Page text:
How to Make & Mount a Reclaimed Wood Mantle

John Malecki

How to Make & Mount a Reclaimed Wood Mantle

John Malecki Makes a Reclaimed Wood Mantle (With Step-by-Step Instructions!)

min read
Oct 22, 2019

Remodeling my home has certainly been a rewarding experience. From kicking off the renovation in the guest bedroom with new hardwood floors, shelving, and the unveiling of a fireplace to remodeling the first floor, I’ve certainly had my hands full. Oh, and did I mention I got married somewhere within the mix? (!!!)

It’s been a crazy several weeks, but I’m excited to finally see things taking shape around the house. To put a finishing touch on those new fireplaces I’ve found, I decided I’d take on the task of making a reclaimed wood mantle for each one. Luckily, I had taken some massive wood beams from an old barn about two years ago. I threw them in an old parking lot until I had a project for them, and I’m proud to say the beams are finally in my home looking sharp.

Making these reclaimed wood mantles is a relatively simple task if you have the tools to do so (and is definitely made easier if you’re a human sasquatch like me). Below I’ll break down a list of tools and materials and give you the step-by-step for tackle a reclaimed wood mantle like this one. Check it out!

This project is made possible by Woodcraft! This page contains affiliate links, but all ideas are my own. For more information, check out my disclosure page.

How to Make a Reclaimed Wood Mantle: Project Overview

Create & Mount a Reclaimed Wood Mantle with Ease

  1. Remove nails from wood
  2. Cut wood to size
  3. Joint on two sides
  4. Run beams through the planer
  5. Sand and Finish
  6. Measure mounts
  7. Drill & mount beam

What You’ll Need for a Reclaimed Wood Mantle



How to Make & Mount a Reclaimed Wood Mantle: The Step-by-Step

Remove nails from wood

Start by removing the nails from your wood. This is an important step in any reclaimed wood project because the metal could affect your tools or go flying to cause an injury. Project yourself for this entire project by wearing protective eyewear.

Cut wood to size

Next, cut your wood down to size. With giant beams like the one I’m using, this can be rather difficult. The easiest way to do this is with an electric chainsaw, but you can also opt for a beam saw or proxy beam cutter attachment that goes on nearly any circ saw.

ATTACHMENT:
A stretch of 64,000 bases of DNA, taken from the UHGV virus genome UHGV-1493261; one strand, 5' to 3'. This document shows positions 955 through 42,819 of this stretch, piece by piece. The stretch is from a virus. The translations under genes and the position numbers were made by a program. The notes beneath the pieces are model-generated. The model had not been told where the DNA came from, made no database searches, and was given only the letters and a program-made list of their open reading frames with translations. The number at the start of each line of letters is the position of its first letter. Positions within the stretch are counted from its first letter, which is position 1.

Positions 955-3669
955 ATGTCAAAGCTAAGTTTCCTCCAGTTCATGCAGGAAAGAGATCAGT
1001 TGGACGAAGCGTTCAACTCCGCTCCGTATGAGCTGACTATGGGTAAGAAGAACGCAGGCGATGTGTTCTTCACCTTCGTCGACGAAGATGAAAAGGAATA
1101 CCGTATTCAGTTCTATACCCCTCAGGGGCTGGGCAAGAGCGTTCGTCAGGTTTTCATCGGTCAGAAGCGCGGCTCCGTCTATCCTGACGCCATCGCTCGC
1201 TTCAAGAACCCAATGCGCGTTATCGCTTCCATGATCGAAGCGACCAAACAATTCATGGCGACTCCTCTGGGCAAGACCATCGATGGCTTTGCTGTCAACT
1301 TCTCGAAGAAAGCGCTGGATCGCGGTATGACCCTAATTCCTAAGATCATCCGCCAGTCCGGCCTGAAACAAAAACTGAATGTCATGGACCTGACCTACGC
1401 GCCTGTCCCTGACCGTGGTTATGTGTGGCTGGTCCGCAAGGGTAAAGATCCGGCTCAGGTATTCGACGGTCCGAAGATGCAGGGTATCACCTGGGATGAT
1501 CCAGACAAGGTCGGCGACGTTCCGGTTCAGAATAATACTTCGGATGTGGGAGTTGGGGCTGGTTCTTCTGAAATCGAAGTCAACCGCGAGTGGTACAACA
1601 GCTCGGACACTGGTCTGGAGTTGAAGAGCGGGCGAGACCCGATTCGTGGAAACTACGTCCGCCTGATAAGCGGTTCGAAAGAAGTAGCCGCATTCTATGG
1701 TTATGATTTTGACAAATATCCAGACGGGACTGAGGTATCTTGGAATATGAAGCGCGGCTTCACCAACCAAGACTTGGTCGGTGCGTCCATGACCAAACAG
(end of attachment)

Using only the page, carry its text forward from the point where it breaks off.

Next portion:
Once your wood is cut to saw, check again for nails. Remove excess nails or simply hit them deeper for jointing and planing.

Joint on two sides

Next, joint two sides. This will provide you with a flat hanging surface and a flat top surface for... you know… succulents and stuff.

Run beams through the planer

Next, run your giant beam through the planer to break down to a consistent thickness.

Sand and Finish

Next, you’re going to want to sand down your mantle to a smoothe finish. Start this with your brush sander, being sure to wear eye protection and a respirator. Then go in with your hand sander lightly, being sure not to sand away dips and rivets that give the beam character.

Apply your finish. I recommend spraying on your finish in even coats or using an HVLP.

Measure mounts

Once the beam is dry, it’s time to mount. I used sleeves and lab bolts for a really sturdy fit. Start by measuring out the location of your sleeves, using a hammer drill with a masonry bit to drill into the center of bricks on your fireplace. Add the bolts and cut off the head with a hacksaw.

The mark where the holes will go on your reclaimed wood mantle, using a square to find the center.

Drill & mount beam

Drill the holes in your reclaimed wood mantle, being sure to drill completely straight inward. Grab a pal and have him or her help you hold up the mantle and place on the bolts, shoving inward until it’s in place. And there you have it: one beautiful reclaimed wood mantle.

If you guys liked this video, check out some of my other recent projects:

Download the Plan

Want to try this build out for yourself? Download the digital plan now for step-by-step instructions, measurements, and a detailed look at how to punch this project in the face.

min read
Oct 22, 2019
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John Malecki

I used to be an offensive lineman in the NFL, Now I run my own furniture business and am completely self taught. In my videos and posts you'll see a variety of wood and metal work as well as some tips and tricks. Enjoy!